(which tends to be expensive as soon as you’re talking with them about redundant / backup loops, provider independent addresses, and BGP
    peering). Generally equates to “champagne taste on a beer budget” but there are exceptions and reasons, as I know from personal experience. It often doesn’t end well and is unreliable as network conditions change. But that depends on your requirements and application. I’m not one to judge – just pointing out the pitfalls.

    I have done this a number of times in the past (mostly for VPN’s and redundant load-balancing links). You’re probably going to have get real down and dirty into policy routing rules and tables with iproute2. I
    don’t honestly believe you will be able to pull it off with the basic stuff provided in the ifcfg-*, route-*, or static-route files (proviso below).

    I had to do it using completely custom files utilizing “ip rule” and “ip route {add|delete} table [n]” subcommands to “ip” to build custom matching rules and mapping them to different routing tables containing different routes and priorities. In some cases, with OpenVPN VPNs, I
    also had to incorporate iptables filtering commands to mark and match packets and interact with the ip rule tables but I doubt you’re going that deep.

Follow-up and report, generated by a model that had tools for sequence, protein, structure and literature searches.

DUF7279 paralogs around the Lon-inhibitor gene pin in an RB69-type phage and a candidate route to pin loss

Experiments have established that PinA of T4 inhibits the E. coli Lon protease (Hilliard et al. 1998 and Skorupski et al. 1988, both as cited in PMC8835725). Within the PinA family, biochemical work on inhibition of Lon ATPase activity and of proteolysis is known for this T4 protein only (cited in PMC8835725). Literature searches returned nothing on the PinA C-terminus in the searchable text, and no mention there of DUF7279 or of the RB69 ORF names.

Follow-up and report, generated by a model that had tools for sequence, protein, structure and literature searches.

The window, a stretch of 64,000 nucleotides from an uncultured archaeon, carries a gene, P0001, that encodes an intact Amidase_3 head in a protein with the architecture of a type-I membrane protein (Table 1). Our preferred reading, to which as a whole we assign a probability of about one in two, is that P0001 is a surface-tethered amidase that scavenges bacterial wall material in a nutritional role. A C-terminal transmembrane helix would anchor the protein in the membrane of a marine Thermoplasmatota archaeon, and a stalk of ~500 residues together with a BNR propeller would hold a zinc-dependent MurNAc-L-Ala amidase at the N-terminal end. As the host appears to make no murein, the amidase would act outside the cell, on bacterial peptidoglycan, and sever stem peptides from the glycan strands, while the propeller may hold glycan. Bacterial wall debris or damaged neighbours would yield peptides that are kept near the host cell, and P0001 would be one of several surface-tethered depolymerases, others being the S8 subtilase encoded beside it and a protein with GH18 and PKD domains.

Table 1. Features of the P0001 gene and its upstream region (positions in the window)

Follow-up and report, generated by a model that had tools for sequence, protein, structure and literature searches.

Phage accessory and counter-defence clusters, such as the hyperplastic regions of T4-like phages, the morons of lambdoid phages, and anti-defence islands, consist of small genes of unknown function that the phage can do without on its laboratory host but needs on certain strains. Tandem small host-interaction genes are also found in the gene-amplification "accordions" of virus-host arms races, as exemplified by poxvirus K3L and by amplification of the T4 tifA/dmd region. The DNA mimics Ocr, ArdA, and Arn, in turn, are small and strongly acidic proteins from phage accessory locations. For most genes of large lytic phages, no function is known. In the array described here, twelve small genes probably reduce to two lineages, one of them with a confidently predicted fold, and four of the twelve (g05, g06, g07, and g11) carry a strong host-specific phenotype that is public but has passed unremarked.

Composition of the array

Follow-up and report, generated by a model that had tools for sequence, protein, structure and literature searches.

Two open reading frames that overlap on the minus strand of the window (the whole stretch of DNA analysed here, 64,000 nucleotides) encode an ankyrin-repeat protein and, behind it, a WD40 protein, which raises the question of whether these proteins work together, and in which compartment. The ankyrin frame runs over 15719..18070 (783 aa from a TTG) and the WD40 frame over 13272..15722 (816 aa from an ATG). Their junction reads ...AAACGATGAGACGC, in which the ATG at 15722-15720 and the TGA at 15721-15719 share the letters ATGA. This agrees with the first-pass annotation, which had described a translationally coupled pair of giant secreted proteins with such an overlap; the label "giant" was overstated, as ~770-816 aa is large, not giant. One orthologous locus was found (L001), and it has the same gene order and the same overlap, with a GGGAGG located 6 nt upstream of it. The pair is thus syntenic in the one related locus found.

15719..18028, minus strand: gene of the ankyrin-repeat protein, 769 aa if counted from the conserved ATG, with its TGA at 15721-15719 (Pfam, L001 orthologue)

man ip-rule

  • Yup, I know.

    Intent is to maintain the old, slow (but has an SLA) connection as a fallback, and migrate services to the new connection piecemeal. Meanwhile, the same DNS server on the new connection can be, e.g. “ns3”. The same mailserver can have a new MX on the new connection…likely prioritized to it.

    Inbound services can be load-balanced fairly easily via DNS, if TTLs are kept low, and records updated in response to link state. It’s not anycast DNS, but it also doesn’t require to you get BGP peering and PI
    space. (I don’t even know if I could *get* IPv4 PI space at this point. I certainly know I wouldn’t be able to if I waited a year…)

    Yeah, I’ve gone that deep. And a tad deeper. I had almost *everything*
    working by hand, and went to figure out how to convert it to idomatic CentOS network configuration scripts. And took my network down *three times* because of the script-processing stripping things out.